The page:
The Great and Powerful Woz has decreed that the "cloud is a nightmare."
What is the "cloud?" Cloud computing is an extension of the internet that allows for end users and companies to store files and other digital assets on remote servers. Because the assets are stored remotely, storage and maintenance of the relevant hardware is maintained by an external source. Cloud computing entrusts services with a user’s data, software and computation over a network.
From its inception, cloud computing was regarded as a two edged sword, the advantages of having third parties store and allocate resources from a digital assets management perspective were apparent, but so were the risks of having data stored on a remote server in the first place.
Speaking after a performance of a one-man Steve Jobs show by Mike Daisey called “The Agony and the Ecstasy of Steve Jobs” in Washington,, Steve Wozniak made clear his feelings regarding the increasing prominence of cloud computing. Wozniak summed up his feelings thusly: “I really worry about everything going to the cloud. I think it’s going to be horrendous. I think there are going to be a lot of horrible problems in the next five years.”
Woz explained just how the legalities of the cloud would make human beings lives even more painful: “With the cloud, you don’t own anything. You already signed it away.” He added: “The more we transfer everything onto the web, onto the cloud, the less we’re going to have control over it.”
Like any new technology that is introduced, there are always those who will surpass the security measures for their own nefarious purposes. Cloud computing is no different. As a case in point, Matt Honan claims that he recently had his digital life dissolved by hackers due to insufficient security practices in an article titled: How Apple and Amazon Security Flaws Led to My Epic Hacking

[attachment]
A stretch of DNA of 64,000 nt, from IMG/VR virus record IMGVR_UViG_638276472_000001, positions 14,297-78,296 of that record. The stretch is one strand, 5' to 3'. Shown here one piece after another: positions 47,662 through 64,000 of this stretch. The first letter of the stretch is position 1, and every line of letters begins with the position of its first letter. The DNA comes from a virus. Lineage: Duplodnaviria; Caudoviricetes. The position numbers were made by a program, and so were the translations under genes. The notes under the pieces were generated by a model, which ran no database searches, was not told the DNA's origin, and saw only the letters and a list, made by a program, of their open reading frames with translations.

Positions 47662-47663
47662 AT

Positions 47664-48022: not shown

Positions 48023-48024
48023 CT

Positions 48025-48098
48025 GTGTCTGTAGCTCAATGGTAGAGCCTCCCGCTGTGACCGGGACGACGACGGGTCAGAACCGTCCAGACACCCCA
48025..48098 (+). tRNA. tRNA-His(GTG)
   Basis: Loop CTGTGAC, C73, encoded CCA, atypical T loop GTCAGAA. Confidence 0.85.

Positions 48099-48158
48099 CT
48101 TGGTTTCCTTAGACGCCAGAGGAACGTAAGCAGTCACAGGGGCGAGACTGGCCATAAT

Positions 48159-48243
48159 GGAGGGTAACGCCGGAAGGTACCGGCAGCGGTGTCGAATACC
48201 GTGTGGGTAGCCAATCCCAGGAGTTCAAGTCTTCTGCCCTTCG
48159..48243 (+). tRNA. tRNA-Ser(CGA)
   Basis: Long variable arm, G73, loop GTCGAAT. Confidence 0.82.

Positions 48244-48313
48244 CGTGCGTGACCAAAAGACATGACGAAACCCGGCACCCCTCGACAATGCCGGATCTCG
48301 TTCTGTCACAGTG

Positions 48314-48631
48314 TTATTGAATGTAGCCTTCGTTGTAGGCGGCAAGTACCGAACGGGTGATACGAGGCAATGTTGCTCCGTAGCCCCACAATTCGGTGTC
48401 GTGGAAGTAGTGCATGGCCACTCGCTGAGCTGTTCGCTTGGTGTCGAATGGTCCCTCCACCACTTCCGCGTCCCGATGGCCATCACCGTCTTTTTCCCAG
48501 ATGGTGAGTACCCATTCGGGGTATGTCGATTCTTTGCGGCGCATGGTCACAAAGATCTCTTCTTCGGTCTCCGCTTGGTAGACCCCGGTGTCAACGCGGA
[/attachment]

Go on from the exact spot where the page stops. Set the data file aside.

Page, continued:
But what happened to me exposes vital security flaws in several customer service systems, most notably Apple’s and Amazon’s. Apple tech support gave the hackers access to my iCloud account. Amazon tech support gave them the ability to see a piece of information -a partial credit card number -that Apple used to release information.
In short, the very four digits that Amazon considers unimportant enough to display in the clear on the web are precisely the same ones that Apple considers secure enough to perform identity verification. The disconnect exposes flaws in data management policies endemic to the entire technology industry, and points to a looming nightmare as we enter the era of cloud computing and connected devices.